The petitioner named numerous companies as producers/exporters of ripe olives from Spain.[34] The Department intends to follow its standard practice in CVD investigations and calculate company-specific subsidy rates in this investigation. In the event the Department determines that the number of companies is large and it cannot individually examine each company based upon the Department's resources, where appropriate, the Department intends to select mandatory respondents based on U.S. Customs and Border Protection (CBP) data for U.S. imports of ripe olives from Spain during the period of investigation under the appropriate Harmonized Tariff Schedule of the United States (HTSUS) numbers listed in the “Scope of the Investigation,” in the Appendix.

On July 6, 2017, the Department released CBP data under Administrative Protective Order (APO) to all parties with access to information protected by APO and indicated that interested parties wishing to comment regarding the CBP data must do so within three business days of the announcement of the initiation of the CVD investigation.[35]

Interested parties must submit applications for disclosure under APO in accordance with 19 CFR 351.305(b). Instructions for filing such applications may be found on the Department's Web site at http://enforcement.trade.gov/​apo.

Comments for this investigation must be filed electronically using ACCESS. An electronically-filed document must be received successfully in its entirety by the Department's electronic records system, ACCESS, by 5:00 p.m. EST, by the dates noted above. We intend to finalize our decision regarding respondent selection within 20 days of publication of this notice.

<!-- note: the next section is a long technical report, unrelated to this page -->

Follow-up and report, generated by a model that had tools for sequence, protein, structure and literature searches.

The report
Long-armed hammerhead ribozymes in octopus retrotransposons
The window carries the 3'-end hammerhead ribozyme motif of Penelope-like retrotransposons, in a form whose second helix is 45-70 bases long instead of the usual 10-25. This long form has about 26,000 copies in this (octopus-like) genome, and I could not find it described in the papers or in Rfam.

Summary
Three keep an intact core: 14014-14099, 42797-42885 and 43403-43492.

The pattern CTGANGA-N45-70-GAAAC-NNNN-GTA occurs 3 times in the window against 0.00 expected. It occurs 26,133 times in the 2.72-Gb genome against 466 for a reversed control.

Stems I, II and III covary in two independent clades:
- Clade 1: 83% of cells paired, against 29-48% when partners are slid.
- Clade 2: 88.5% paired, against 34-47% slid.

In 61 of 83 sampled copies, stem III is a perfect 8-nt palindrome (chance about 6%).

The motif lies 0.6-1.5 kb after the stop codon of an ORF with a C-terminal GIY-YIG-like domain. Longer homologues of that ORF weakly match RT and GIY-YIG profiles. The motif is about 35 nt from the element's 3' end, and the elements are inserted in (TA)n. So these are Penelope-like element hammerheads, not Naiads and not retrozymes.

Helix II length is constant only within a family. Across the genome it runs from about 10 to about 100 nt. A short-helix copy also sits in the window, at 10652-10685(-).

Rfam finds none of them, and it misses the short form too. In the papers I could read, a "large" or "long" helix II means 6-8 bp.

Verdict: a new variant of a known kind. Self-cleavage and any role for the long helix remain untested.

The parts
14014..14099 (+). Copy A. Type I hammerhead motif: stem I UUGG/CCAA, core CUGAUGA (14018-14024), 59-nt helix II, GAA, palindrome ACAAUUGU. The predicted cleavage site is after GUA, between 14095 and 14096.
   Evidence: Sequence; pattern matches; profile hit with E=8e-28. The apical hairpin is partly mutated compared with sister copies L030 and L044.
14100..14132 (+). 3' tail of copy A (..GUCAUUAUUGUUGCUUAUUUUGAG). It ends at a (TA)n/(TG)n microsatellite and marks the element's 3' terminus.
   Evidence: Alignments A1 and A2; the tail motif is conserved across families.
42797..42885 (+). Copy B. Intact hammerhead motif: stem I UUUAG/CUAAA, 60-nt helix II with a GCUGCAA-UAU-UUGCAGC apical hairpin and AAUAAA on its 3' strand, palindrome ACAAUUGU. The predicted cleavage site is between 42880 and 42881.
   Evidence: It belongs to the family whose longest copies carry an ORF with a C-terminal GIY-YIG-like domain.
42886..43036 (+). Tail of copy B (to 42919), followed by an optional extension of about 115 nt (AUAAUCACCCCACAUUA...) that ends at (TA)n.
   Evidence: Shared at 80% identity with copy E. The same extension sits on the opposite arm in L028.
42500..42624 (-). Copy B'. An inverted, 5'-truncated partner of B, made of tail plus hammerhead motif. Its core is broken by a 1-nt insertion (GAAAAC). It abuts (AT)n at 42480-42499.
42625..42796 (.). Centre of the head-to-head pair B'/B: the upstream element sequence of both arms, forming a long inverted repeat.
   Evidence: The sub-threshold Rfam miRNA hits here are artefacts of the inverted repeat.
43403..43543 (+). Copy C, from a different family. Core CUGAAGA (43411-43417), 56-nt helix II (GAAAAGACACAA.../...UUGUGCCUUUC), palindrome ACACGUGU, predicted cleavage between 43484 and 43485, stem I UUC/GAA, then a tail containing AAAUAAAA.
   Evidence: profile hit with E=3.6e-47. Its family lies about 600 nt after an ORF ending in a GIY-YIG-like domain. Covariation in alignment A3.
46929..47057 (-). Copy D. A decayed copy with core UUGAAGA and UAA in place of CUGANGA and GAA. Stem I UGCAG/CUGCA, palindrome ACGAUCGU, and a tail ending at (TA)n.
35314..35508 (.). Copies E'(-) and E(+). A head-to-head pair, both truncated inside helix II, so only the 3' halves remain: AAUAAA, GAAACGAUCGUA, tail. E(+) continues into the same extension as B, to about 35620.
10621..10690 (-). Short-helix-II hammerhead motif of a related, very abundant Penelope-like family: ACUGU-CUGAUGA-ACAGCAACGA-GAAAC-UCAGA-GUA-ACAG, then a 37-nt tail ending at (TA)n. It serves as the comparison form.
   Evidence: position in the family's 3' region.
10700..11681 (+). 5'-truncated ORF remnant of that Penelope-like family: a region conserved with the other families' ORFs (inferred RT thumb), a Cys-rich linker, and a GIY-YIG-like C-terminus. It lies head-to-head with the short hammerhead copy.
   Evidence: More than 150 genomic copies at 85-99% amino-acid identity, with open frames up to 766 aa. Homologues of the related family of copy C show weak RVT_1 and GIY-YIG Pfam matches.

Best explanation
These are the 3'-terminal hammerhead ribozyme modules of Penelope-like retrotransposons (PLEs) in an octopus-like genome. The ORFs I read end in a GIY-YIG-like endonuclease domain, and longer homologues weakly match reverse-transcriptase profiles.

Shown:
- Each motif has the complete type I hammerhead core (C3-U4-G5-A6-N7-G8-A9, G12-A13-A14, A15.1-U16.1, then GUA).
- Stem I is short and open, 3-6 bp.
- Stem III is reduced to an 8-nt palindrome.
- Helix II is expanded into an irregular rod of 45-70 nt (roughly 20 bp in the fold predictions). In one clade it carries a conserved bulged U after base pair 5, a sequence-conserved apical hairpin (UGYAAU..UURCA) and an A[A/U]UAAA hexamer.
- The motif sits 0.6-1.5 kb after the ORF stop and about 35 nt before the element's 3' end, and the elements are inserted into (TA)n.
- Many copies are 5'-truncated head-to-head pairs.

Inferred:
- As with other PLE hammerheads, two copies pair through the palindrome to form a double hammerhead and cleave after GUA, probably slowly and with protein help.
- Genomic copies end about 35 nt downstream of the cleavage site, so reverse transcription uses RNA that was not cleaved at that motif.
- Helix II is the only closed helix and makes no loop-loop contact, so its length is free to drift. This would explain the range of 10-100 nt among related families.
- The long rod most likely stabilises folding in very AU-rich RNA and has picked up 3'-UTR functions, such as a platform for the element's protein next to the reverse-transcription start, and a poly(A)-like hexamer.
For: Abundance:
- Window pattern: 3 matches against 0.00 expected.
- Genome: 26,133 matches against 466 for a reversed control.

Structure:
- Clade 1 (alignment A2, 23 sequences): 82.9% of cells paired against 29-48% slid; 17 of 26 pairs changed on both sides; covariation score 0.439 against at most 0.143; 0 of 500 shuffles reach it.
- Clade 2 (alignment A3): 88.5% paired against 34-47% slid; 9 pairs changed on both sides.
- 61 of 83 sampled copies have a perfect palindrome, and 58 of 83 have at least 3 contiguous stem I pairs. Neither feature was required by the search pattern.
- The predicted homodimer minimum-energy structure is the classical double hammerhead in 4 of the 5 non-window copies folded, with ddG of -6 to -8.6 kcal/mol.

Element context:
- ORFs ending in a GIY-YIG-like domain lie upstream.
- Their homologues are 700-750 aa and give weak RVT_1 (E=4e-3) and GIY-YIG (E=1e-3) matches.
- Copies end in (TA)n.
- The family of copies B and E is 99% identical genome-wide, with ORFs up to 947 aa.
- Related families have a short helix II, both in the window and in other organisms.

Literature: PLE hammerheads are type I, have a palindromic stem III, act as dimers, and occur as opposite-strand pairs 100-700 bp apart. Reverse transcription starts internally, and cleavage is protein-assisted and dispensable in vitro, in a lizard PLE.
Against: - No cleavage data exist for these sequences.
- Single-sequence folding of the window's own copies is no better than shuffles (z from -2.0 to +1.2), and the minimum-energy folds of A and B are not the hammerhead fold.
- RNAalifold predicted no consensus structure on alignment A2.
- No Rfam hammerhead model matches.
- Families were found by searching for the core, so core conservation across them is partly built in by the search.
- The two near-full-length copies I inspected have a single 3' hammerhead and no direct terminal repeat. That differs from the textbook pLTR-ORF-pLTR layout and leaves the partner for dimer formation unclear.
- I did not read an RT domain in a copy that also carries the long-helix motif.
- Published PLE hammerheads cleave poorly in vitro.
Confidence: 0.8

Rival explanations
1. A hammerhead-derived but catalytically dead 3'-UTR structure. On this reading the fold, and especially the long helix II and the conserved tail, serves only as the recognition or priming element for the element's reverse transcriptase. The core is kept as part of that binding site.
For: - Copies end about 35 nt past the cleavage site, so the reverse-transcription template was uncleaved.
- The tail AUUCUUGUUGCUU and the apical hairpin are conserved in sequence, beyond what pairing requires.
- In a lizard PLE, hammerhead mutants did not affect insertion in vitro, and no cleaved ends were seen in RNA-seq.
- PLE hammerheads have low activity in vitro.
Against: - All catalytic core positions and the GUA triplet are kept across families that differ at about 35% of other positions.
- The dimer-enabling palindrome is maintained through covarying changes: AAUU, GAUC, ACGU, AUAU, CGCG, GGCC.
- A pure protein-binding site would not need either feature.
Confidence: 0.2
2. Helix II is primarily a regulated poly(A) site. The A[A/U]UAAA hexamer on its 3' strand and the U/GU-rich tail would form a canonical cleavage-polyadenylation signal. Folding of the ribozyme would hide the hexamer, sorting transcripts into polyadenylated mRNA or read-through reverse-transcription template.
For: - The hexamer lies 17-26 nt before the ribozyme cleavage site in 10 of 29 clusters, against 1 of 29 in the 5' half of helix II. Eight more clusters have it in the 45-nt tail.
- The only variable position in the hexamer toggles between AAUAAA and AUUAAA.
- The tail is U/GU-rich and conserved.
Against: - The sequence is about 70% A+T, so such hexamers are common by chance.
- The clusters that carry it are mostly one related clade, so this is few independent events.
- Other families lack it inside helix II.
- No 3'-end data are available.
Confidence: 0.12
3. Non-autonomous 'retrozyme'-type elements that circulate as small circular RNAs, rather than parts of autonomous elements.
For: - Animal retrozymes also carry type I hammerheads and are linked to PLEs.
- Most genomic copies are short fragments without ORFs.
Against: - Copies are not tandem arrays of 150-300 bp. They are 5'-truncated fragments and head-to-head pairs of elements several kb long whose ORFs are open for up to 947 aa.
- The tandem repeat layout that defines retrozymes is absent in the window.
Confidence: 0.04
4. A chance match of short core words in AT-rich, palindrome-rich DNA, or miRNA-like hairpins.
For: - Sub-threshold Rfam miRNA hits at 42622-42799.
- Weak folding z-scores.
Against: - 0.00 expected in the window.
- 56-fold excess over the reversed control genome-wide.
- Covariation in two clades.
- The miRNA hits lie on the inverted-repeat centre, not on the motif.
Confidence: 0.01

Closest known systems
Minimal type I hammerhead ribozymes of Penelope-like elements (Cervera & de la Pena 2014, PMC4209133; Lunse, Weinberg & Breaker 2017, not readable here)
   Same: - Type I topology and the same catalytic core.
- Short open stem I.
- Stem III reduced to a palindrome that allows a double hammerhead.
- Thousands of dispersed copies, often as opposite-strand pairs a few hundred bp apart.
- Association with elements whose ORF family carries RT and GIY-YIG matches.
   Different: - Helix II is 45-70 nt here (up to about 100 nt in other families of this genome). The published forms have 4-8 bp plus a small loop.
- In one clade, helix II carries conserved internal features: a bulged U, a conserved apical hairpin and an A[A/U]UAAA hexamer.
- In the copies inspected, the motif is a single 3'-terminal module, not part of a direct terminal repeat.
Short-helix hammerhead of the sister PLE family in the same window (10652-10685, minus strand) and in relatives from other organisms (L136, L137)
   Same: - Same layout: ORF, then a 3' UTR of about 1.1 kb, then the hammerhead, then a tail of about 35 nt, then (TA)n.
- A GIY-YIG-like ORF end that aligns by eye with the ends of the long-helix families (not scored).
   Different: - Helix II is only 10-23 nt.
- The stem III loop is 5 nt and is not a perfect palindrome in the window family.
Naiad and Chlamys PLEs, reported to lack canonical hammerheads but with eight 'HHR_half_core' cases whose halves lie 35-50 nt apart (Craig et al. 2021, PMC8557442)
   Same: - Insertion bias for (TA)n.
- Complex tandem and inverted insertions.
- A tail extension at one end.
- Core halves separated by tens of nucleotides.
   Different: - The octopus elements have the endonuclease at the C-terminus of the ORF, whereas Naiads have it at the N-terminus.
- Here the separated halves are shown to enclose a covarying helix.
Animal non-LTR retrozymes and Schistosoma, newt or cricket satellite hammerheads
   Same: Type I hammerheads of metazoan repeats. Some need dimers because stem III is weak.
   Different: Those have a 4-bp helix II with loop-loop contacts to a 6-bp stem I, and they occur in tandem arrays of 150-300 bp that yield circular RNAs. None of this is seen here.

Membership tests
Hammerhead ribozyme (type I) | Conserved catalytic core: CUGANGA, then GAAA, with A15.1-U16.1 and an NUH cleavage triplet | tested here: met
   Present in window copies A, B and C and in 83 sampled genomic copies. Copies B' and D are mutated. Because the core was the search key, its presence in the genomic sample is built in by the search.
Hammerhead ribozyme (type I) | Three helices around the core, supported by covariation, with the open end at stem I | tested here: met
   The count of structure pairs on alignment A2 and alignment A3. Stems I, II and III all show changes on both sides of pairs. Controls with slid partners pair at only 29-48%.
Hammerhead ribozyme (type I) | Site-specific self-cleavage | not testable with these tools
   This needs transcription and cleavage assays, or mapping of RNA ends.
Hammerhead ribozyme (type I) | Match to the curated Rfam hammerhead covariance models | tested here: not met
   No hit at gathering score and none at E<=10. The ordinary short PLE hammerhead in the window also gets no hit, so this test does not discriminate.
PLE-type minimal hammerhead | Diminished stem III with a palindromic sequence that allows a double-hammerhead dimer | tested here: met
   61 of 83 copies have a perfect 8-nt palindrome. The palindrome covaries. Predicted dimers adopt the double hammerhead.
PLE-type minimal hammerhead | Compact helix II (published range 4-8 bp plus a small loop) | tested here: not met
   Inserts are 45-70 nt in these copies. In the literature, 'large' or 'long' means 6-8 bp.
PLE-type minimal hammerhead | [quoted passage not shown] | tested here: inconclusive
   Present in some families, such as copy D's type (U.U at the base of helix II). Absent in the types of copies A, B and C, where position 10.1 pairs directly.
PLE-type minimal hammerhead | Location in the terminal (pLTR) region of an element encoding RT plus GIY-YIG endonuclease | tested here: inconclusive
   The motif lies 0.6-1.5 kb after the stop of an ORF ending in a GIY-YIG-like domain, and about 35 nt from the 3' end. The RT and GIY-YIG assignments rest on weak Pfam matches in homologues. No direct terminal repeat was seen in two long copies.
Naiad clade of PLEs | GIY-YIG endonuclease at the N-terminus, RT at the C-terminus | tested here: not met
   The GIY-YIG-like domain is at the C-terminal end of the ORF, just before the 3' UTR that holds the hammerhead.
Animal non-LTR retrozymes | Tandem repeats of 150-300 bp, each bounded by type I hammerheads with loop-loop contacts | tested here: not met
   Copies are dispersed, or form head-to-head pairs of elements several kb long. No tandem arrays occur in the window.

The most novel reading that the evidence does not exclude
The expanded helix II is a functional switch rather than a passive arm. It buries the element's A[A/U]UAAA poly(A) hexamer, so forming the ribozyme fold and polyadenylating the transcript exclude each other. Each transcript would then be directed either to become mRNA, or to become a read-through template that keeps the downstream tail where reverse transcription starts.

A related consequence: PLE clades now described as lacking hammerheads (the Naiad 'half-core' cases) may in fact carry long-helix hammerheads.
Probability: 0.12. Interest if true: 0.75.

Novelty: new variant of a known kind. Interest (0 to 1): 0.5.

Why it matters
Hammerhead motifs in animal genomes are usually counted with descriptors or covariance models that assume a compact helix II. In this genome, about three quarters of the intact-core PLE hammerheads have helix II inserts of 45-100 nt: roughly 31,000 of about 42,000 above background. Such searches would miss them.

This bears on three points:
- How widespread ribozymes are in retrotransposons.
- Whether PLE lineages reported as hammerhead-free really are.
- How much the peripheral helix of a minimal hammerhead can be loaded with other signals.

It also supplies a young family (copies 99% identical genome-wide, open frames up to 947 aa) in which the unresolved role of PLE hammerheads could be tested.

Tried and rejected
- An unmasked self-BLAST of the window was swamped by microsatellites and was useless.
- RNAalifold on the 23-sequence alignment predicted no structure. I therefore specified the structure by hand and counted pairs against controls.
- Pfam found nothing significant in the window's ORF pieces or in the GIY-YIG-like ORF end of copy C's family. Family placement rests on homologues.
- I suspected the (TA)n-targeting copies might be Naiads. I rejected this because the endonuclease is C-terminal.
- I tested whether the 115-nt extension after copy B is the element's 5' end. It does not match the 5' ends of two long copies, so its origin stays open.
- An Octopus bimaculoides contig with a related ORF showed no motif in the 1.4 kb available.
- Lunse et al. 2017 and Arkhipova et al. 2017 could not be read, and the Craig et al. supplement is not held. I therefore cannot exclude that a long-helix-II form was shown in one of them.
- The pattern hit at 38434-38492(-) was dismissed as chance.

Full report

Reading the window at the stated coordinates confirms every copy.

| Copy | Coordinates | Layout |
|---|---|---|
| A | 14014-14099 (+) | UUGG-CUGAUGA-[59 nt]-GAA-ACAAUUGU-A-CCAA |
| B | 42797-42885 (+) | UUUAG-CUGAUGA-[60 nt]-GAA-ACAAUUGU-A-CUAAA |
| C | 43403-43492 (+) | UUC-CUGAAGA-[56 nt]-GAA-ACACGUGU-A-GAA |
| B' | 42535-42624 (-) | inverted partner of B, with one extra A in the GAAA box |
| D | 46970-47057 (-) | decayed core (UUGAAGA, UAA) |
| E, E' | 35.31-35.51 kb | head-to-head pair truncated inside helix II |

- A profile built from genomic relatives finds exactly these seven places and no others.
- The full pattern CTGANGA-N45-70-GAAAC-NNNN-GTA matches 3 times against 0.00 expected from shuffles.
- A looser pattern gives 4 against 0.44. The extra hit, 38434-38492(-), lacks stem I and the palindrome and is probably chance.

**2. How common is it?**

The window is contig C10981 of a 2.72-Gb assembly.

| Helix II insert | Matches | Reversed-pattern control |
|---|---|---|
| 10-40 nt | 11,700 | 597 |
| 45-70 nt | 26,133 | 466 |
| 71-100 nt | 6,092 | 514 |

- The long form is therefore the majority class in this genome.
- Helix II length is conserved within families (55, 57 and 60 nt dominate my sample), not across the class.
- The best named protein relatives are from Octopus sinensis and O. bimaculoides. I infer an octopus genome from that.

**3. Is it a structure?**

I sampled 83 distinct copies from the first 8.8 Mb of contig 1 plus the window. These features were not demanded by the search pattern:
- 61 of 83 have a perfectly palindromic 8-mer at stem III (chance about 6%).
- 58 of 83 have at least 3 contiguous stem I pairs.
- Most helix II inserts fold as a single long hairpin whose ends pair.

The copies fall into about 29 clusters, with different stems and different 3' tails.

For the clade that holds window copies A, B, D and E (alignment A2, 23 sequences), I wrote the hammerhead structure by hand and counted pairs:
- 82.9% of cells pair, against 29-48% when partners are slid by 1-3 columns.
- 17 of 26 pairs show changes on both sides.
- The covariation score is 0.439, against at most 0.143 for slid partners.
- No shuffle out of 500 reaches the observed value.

Distribution of Copies of the Petition

In accordance with section 702(b)(4)(A)(i) of the Act and 19 CFR 351.202(f), a copy of the public version of the Petition has been provided to the GOS and the European Commission via ACCESS. Because of the particularly large number of producers/exporters identified in the Petition,[36] the Department considers the service of the public version of the Petition to the foreign producers/exporters satisfied by delivery of the public version to the GOS consistent with 19 CFR 351.203(c)(2).

ITC Notification

We will notify the ITC of our initiation, as required by section 702(d) of the Act.

Preliminary Determination by the ITC

The ITC will preliminarily determine, within 45 days of the date on which the Petition was filed, whether there is a reasonable indication that imports of ripe olives in Spain are materially injuring, or threatening material injury to, a U.S. industry.[37] A negative ITC determination will result in the investigation being terminated; [38] otherwise, the investigation will proceed according to statutory and regulatory time limits.

Submission of Factual Information

Factual information is defined in 19 CFR 351.102(b)(21) as: (i) Evidence submitted in response to questionnaires; (ii) evidence submitted in support of allegations; (iii) publicly available information to value factors under 19 CFR 351.408(c) or to measure the adequacy of remuneration under 19 CFR 351.511(a)(2); (iv) evidence placed on the record by the Department; and (v) evidence other than factual information described in (i) through (iv). The regulation requires any party, when submitting factual information, to specify under which subsection of 19 CFR 351.102(b)(21) the information is being submitted and, if the information is submitted to rebut, clarify, or correct factual information already on the record, to provide an explanation identifying the information already on the record that the factual information seeks to rebut, clarify, or correct. Time limits for the submission of factual information are addressed in 19 CFR 351.301, which provides specific time limits based on the type of factual information being submitted. Interested parties should review the regulations prior to submitting factual information in this investigation.